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Mechanical power transmission

  1. Nov 24, 2009 #1
    Hi all

    Serching along this PF I found this formula to solve the power transmission between piston and crankshaft. I have then drawn this to show it.

    According to this formula we have a maximum (100%) power transmission when angle theta is 90º. I think we should have some power loss even at 90º. Not because of friction or something like that, but because simple geometry.

    Am I wrong? or is there another formula around?

    Thanks a lot in advance.

    http://img195.imageshack.us/img195/3300/pistontocrankshaft.jpg [Broken]
     
    Last edited by a moderator: May 4, 2017
  2. jcsd
  3. Nov 25, 2009 #2
    What do you mean by power transmission?

    Also where did you get that equation, because it looks... wrong somehow. I'd like to see how they derived it and that its actually showing.
     
    Last edited: Nov 25, 2009
  4. Nov 25, 2009 #3
    Hi xxChristxx

    Thank you for your prompt response.

    I probably did not use the correct expresion. I was simply referring to the way of solving the crankshaft Torque vs. the force on the piston.

    I got this formula from this thread:

    https://www.physicsforums.com/showthread.php?t=266738

    Which indirectly led me to these two other links:

    http://web.mit.edu/~j_martin/www/pistonphysics.bmp

    https://www.physicsforums.com/attachment.php?attachmentid=16099&d=1225070096

    I think that only in the case of a rod extremely larger than the crank radius we will not have significant power loss when Theta is 90º.

    Is it?

    Thank you in advance.
     
    Last edited by a moderator: Apr 24, 2017
  5. Nov 25, 2009 #4
    Ahhi'm tired and I can't get my derivation to work right, I remember lumping my constants differently so my eq looks slightly different. I've got a bad feeling I've done it right now, but screwed up on the actual peice of work (which is why it looks 'wrong' ir different to me).

    Someone who is acutally good at maths and can derive the eq will help you out.
     
  6. Nov 25, 2009 #5
    No problem, xxChrisxx

    I will try to derive it by myself this evening and I will let you know what I get.

    Thanks anyway.

    .
     
  7. Nov 25, 2009 #6

    Ranger Mike

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    math meets real world..again...you are theoretically correct with your assumption that "According to this formula we have a maximum (100%) power transmission when angle theta is 90º."

    if..if...the force acting on the piston was constant from TDC to 90 degrees of crankshaft rotation..but it is not..at 90 degrees, the piston is one half of the entire stroke..the maximum force applied to the top of the piston occurs at TDC and over a few degrees crank rotation past TDC and diminishes from this max point as various pressure graphs show in another forum..look it up I think it was cylinder pressure of IC engine earlier this week??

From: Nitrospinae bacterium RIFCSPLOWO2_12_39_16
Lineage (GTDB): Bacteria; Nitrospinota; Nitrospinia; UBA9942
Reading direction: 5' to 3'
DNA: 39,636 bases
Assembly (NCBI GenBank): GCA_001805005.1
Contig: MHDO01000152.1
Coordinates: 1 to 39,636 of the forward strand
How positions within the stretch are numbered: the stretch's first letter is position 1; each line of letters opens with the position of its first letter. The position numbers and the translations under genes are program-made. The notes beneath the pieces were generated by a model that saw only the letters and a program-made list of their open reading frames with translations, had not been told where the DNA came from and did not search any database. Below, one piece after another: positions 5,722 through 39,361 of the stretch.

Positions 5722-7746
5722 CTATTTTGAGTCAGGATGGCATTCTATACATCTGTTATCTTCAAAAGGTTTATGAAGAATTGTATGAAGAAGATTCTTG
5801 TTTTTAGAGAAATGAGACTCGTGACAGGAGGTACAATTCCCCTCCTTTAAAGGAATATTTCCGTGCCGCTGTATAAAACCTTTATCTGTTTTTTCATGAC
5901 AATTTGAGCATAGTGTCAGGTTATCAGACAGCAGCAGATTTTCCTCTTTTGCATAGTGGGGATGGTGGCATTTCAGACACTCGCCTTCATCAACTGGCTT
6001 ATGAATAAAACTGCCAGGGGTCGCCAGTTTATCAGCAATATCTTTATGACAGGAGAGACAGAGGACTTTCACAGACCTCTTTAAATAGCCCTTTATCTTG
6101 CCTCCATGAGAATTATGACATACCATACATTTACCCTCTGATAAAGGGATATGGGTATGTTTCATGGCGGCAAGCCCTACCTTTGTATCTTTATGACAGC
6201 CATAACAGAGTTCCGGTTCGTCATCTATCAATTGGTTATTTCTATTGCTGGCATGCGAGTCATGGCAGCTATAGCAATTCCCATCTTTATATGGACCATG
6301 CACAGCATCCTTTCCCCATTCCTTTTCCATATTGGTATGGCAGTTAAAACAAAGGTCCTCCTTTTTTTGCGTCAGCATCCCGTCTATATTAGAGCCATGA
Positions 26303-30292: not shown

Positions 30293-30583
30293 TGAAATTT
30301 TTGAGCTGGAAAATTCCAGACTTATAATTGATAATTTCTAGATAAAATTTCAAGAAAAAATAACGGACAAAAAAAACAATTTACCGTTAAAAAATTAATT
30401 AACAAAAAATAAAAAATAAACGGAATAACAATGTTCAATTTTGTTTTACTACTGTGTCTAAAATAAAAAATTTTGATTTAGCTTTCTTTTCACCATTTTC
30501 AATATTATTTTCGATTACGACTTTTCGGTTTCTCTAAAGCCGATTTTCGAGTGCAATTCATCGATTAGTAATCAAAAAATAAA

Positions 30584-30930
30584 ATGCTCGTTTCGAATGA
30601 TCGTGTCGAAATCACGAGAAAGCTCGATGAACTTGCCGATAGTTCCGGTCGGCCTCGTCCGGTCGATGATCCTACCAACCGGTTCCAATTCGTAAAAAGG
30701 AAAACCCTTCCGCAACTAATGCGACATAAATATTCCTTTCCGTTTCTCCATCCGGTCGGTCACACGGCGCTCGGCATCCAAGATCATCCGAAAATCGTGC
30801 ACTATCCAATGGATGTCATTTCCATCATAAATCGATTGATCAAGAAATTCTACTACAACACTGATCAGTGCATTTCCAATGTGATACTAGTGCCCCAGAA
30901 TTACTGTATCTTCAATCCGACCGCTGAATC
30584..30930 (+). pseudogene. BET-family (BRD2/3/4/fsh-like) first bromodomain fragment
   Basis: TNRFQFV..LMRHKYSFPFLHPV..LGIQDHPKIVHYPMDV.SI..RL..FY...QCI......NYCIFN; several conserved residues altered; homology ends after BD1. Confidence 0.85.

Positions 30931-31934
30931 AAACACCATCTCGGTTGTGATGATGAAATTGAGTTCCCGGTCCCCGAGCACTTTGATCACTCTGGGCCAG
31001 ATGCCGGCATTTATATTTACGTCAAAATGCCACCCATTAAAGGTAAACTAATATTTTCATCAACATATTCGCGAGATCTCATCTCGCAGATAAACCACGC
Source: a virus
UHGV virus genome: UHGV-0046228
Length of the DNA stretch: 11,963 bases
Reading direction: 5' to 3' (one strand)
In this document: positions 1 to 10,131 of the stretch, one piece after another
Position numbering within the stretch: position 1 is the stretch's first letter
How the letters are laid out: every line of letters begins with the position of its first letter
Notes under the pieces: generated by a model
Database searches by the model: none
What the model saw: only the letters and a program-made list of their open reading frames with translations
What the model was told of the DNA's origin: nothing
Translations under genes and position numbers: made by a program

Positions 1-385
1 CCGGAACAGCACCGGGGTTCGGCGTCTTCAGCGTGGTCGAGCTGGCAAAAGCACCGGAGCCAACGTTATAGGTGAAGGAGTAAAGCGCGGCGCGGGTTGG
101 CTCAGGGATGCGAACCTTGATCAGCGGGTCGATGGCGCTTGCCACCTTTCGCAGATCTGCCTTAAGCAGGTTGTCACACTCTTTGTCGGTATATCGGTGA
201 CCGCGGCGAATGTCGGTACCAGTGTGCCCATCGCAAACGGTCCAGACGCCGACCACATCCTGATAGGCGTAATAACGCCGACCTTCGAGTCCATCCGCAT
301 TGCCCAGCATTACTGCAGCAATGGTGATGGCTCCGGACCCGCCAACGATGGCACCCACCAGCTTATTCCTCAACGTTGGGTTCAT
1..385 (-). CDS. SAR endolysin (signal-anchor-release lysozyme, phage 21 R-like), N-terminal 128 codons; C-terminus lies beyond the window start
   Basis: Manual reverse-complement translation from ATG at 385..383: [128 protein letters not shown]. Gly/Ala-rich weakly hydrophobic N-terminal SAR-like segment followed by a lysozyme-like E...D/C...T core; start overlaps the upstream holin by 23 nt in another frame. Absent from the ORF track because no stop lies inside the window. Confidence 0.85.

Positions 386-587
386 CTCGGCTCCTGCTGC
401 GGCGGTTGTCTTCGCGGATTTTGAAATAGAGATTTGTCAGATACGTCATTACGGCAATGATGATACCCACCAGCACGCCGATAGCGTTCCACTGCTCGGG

one more huge item that was dismissed in your assumption..you got a whole bunch of parasitic drag caused by piston to skirt clearance, piston drag, piston ring drag , bearing drag and this is huge. Also the rotational and reciprocating weight of the entire power train will impact on total horsepower..
     
    Last edited: Nov 25, 2009
  8. Nov 25, 2009 #7
    .

    Ranger Mike, you are absolutely right, but my question is only focused on the mechanical trasmission losses between piston force F and crankshaft torque T due only to the geometry of the system.

    Finally I have derived this.

    It seems the max eficiency is when theta is arctan l/r.. That would be the crank position in the second image.

    I had no time to derive a straight single formula, so we first get ß and in a second step solve T

    http://img4.imageshack.us/img4/240/pistonandrod20.jpg [Broken]

    Thanks anyway. If you observe something wrong in this formulae, please let me know.

    .
     
    Last edited by a moderator: May 4, 2017
  9. Nov 25, 2009 #8
    If less than 100% of the power goes into turning the crank, it has to go someplace else. Where does it go? heat loss (exhaust gases, friction)? If there is no other place, then 100% does go into turning the crank.
    Bob S
     
  10. Nov 25, 2009 #9
    I think it comes down to how your defining efficiency - if you consider efficiency to be power out / power in (this is usually what is meant by efficiency), then Bob is right and efficiency is not a function of position.

    If you are looking at it from some other point of view (torque, velocity, etc.), then things change, for example, the applied torque results in the maximum force at the piston (along the axis) when theta = 90 (this is also when the piston is at it's maximum velocity, if the crank's angular velocity is constant).

    -Kerry
     
  11. Nov 25, 2009 #10

    Mech_Engineer

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    The equations weren't looking right to me, and it turns out you misapplied the law of sines to find beta. The correct formula should be:

    [tex]\beta=asin\left(\frac{r*sin(\theta)}{l}\right)[/tex]
     
  12. Nov 25, 2009 #11

    Hi, Mech

    By sin-1 I mean asin

    I used r=1 and I used l taking r as the unit in my equation. I will correct it for more clarification.

    Thank you.

    .
     
  13. Nov 25, 2009 #12

    Mech_Engineer

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    Yes, asin and sin-1 are equivalent.

    You never said r=1 anywhere, so you need to leave it in the equation.
     
    Last edited: Nov 25, 2009
  14. Nov 25, 2009 #13
    Thank you, Mech_Engineer, I have already included r in the equation above.

    .
     
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